• The output interface 304 may be any interface configured to send an estimated global pose of the head-mounted device to the head-mounted device. As noted above, the estimated global pose may include, for example, a location of the head-mounted device as well as an orientation of the head-mounted device. Alternatively, the estimated global pose may include a transformation, such as an affine transformation or a homography transformation, relative to a reference image having a known global pose. In these implementations, the output interface 304 may be further configured to send the reference image to the head-mounted device. The estimated global pose may take other forms as well. The output interface 304 may be a wireless interface, such as any of the wireless interfaces described above. Alternatively or additionally, the output interface 304 may be a web-based interface accessible by a user of the head-mounted device. The output interface 304 may take other forms as well. In some implementations, the output interface 304 may also be configured to wirelessly communicate with one or more entities besides the head-mounted device. In some implementations, the output interface 304 may be integrated in whole or in part with the input interface 302.
  • The processor 306 may include one or more general-purpose processors and/or one or more special-purpose processors. To the extent the processor 306 includes more than one processor, such processors could work separately or in combination. Further, the processor 306 may be integrated in whole or in part with the input interface 302, the output interface 304, and/or with other components.
  • Data storage 308, in turn, may include one or more volatile and/or one or more non-volatile storage components, such as optical, magnetic, and/or organic storage, and data storage 308 may be integrated in whole or in part with the processor 306. Data storage 308 may include logic executable by the processor 306 to obtain the estimated global pose of the head-mounted device.
  • In some implementations, obtaining the estimated global pose may involve, for example, comparing an image recorded at the head-mounted device and/or information associated with the image such as, for example, one or more visual features, e.g., colors, shapes, textures, brightness levels, shapes, of the image, with a database of images 314. The database of images 314 may be stored in the data storage 308, as shown, or may be otherwise accessible by the server 300. Each image in the database of images 314 may be associated with information regarding a location and/or orientation from which the image was recorded. Thus, in order to obtain the estimated global pose of the head-mounted device, the server 300 may compare the image recorded at the head-mounted device with some or all of the images in the database of images 314 in order to obtain an estimated location and/or estimated orientation of the head-mounted device. Based on the estimated location and/or the estimated orientation of the head-mounted device, the server 300 may obtain an estimated global pose. Alternatively, in order to obtain the estimated global pose of the head-mounted device, the server may select from the database of images 314 a reference image, and may compare the image recorded at the head-mounted device with the reference image in order to determine a transformation, such as, for example, an affine transformation or a homography transformation, for the image recorded at the head-mounted device relative to the reference image. Based on the transformation, the server 300 may obtain the estimated global pose.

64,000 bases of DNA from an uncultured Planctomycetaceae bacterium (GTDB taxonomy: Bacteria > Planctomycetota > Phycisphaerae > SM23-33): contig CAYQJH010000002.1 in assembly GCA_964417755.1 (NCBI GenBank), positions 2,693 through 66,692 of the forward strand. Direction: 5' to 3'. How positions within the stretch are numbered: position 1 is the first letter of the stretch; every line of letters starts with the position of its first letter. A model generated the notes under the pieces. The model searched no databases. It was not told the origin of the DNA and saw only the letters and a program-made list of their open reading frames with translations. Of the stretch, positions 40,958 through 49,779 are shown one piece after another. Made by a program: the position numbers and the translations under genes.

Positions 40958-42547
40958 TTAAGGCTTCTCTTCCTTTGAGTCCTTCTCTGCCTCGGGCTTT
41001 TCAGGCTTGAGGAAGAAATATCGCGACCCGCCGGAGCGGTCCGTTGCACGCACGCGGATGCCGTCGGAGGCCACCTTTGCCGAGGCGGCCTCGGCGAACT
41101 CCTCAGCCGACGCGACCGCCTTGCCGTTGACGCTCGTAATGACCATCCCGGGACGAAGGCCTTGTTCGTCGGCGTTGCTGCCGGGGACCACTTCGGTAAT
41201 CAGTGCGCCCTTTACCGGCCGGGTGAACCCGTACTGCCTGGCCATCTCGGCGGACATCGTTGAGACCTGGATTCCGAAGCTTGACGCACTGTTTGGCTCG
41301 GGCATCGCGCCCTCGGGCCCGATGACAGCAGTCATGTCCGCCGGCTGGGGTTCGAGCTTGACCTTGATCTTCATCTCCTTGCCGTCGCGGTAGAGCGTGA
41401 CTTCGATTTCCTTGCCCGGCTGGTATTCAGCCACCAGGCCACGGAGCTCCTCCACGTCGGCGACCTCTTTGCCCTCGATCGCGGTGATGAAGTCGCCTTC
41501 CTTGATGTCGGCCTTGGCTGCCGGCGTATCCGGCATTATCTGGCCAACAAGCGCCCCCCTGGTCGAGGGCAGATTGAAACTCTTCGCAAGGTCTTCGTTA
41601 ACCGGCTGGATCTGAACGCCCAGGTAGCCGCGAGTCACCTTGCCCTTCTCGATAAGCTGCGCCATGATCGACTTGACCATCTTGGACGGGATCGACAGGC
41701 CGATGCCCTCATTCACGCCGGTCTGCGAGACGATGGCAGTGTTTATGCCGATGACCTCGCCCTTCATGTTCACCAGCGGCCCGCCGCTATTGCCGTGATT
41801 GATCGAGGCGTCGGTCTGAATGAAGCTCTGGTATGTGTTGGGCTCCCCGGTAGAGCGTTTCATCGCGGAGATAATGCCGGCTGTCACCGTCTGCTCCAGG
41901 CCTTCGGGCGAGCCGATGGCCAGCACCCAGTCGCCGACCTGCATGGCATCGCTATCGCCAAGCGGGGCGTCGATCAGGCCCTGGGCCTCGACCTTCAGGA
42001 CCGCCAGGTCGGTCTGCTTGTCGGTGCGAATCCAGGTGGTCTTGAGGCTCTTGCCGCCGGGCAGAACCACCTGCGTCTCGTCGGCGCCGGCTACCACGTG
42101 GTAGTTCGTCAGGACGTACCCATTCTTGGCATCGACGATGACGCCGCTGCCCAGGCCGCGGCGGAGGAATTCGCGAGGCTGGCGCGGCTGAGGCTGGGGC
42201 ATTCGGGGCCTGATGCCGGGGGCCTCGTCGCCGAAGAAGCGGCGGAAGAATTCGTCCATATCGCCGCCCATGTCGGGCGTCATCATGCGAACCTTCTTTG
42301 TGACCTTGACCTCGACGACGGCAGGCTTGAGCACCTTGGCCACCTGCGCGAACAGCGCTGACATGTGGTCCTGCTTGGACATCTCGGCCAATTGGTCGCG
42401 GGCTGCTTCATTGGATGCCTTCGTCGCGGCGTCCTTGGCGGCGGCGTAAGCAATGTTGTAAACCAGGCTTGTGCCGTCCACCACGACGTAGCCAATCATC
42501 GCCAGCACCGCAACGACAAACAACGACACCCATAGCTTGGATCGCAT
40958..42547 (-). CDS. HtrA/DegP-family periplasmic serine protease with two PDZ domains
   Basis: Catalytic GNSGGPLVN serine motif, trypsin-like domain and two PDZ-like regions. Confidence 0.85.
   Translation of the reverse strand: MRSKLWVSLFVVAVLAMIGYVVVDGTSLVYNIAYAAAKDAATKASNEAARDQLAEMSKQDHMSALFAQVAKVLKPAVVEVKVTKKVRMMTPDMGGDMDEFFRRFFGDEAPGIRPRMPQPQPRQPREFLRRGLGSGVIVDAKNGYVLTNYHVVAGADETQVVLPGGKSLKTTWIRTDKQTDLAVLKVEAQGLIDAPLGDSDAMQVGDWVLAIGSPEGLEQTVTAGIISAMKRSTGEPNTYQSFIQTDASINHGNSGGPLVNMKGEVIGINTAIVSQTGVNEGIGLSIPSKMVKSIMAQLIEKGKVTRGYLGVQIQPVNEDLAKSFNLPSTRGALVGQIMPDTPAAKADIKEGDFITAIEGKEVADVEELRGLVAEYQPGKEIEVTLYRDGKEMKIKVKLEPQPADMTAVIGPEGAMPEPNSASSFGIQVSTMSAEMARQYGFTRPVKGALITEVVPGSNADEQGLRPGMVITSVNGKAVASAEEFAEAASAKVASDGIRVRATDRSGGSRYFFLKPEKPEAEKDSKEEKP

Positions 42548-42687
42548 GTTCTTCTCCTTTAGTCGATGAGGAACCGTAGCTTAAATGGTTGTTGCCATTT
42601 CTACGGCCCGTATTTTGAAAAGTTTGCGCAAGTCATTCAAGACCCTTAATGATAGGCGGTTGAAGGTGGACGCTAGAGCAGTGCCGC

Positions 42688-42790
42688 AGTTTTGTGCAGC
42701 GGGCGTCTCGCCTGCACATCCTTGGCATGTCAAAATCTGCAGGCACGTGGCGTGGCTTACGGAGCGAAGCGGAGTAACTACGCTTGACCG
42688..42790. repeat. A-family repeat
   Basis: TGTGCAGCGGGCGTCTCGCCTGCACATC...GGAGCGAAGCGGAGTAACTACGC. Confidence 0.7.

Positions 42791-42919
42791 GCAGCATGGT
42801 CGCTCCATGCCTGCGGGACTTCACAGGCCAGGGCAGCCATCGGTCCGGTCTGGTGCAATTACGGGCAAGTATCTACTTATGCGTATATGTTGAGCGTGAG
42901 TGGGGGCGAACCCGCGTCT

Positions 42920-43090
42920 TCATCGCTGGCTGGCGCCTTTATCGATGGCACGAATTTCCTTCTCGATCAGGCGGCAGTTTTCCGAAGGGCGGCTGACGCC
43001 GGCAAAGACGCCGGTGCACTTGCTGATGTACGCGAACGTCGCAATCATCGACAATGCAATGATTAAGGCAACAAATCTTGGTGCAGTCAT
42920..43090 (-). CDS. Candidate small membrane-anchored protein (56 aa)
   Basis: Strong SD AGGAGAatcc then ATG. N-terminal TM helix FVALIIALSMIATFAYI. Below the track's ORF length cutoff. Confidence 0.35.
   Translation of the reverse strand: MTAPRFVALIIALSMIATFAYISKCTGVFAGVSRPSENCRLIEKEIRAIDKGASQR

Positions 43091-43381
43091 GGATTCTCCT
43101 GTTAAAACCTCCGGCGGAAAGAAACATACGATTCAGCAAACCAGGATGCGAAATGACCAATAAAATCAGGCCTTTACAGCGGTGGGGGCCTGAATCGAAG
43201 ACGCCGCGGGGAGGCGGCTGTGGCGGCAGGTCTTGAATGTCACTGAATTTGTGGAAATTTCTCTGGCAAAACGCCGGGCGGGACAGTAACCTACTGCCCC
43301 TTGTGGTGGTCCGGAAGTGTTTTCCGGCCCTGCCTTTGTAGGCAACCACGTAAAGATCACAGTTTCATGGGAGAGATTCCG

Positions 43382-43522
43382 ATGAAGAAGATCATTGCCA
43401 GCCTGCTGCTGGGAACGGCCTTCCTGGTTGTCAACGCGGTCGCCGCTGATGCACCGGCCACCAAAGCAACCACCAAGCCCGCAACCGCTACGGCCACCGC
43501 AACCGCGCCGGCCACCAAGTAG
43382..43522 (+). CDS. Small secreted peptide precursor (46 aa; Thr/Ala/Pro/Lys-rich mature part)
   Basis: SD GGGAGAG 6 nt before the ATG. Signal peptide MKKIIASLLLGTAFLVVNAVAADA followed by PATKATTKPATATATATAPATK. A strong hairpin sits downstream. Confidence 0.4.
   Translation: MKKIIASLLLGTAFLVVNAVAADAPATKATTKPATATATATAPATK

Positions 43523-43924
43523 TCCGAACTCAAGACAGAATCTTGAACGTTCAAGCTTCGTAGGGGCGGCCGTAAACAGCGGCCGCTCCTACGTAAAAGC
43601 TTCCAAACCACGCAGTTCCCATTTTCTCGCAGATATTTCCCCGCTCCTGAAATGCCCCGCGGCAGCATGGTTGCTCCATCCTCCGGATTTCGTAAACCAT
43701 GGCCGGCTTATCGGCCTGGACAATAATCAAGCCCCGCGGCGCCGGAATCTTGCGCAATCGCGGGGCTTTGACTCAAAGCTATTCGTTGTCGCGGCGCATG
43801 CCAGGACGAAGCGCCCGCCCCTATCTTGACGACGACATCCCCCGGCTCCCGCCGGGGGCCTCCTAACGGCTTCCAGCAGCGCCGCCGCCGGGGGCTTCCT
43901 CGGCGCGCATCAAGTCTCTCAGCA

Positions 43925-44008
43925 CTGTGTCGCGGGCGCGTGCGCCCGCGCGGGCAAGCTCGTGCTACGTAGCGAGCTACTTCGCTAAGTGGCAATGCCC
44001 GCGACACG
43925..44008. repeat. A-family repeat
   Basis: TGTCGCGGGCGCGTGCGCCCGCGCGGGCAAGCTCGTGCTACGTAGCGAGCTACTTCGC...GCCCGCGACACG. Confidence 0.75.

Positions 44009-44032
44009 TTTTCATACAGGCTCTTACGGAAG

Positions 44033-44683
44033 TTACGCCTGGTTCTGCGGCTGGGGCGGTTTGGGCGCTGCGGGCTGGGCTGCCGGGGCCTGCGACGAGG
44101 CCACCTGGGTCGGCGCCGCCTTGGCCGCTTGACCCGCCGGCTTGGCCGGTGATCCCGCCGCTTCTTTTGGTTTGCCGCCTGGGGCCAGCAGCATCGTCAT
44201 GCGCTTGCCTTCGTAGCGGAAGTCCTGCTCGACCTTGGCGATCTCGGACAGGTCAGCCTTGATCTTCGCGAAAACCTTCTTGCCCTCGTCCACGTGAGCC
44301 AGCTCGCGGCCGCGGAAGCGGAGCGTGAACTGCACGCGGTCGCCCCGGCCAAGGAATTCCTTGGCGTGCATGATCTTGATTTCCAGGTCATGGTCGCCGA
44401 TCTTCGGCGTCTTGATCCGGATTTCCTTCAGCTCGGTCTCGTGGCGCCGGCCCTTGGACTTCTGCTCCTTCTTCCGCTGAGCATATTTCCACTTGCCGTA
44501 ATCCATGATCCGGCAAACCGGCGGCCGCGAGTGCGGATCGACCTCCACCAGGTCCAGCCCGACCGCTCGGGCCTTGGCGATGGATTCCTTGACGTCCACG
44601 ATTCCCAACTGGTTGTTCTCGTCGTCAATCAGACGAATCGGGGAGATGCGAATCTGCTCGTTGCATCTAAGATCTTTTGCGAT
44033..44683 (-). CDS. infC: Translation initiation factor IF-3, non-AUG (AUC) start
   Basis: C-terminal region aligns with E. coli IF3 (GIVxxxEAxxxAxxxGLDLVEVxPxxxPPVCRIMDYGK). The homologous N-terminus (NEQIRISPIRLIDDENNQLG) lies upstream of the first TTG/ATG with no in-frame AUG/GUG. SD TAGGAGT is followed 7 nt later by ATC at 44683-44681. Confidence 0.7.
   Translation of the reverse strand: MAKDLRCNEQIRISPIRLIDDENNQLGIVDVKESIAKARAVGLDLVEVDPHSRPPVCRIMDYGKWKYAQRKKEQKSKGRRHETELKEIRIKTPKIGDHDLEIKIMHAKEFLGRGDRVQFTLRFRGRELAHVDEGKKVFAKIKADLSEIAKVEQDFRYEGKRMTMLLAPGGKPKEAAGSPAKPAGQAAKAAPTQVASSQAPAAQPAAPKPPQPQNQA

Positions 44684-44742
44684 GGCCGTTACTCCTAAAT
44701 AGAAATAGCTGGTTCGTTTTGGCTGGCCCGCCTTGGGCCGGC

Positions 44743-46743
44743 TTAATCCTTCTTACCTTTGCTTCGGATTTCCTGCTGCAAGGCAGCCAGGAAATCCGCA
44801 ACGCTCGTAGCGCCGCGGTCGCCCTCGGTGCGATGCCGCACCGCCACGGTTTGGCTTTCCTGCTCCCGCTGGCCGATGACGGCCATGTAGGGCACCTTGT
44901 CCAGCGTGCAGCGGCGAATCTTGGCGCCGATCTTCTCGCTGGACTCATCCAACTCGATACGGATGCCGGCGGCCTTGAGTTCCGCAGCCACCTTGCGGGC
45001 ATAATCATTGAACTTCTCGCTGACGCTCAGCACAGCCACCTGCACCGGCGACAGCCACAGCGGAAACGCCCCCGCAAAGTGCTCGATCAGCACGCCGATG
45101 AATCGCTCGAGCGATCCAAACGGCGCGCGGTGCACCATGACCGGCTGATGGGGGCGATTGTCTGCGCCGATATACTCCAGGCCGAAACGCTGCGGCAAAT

• As noted above, in some implementations, the query received by the server 300 may additionally include an image recorded by a detector on the head-mounted device and/or one or more sensor readings obtained from one or more sensors on the head-mounted device. In these implementations, the server 300 may additionally use the image and/or sensor readings in obtaining the estimated global pose. The server 300 may obtain the estimated global pose in other manners as well.
  • The server 300 may further include one or more elements in addition to or instead of those shown.
  • 2. Example Method
  • FIG. 4 shows a flow chart according to some implementations of an example method for providing entry into and enabling interaction with a visual representation of an environment.
  • Method 400 shown in FIG. 4 presents some implementations of a method that, for example, could be used with the systems, head-mounted devices, and servers described herein. Method 400 may include one or more operations, functions, or actions as illustrated by one or more of blocks 402-410. Although the blocks are illustrated in a sequential order, these blocks may also be performed in parallel, and/or in a different order than those described herein. Also, the various blocks may be combined into fewer blocks, divided into additional blocks, and/or removed based upon the desired implementation.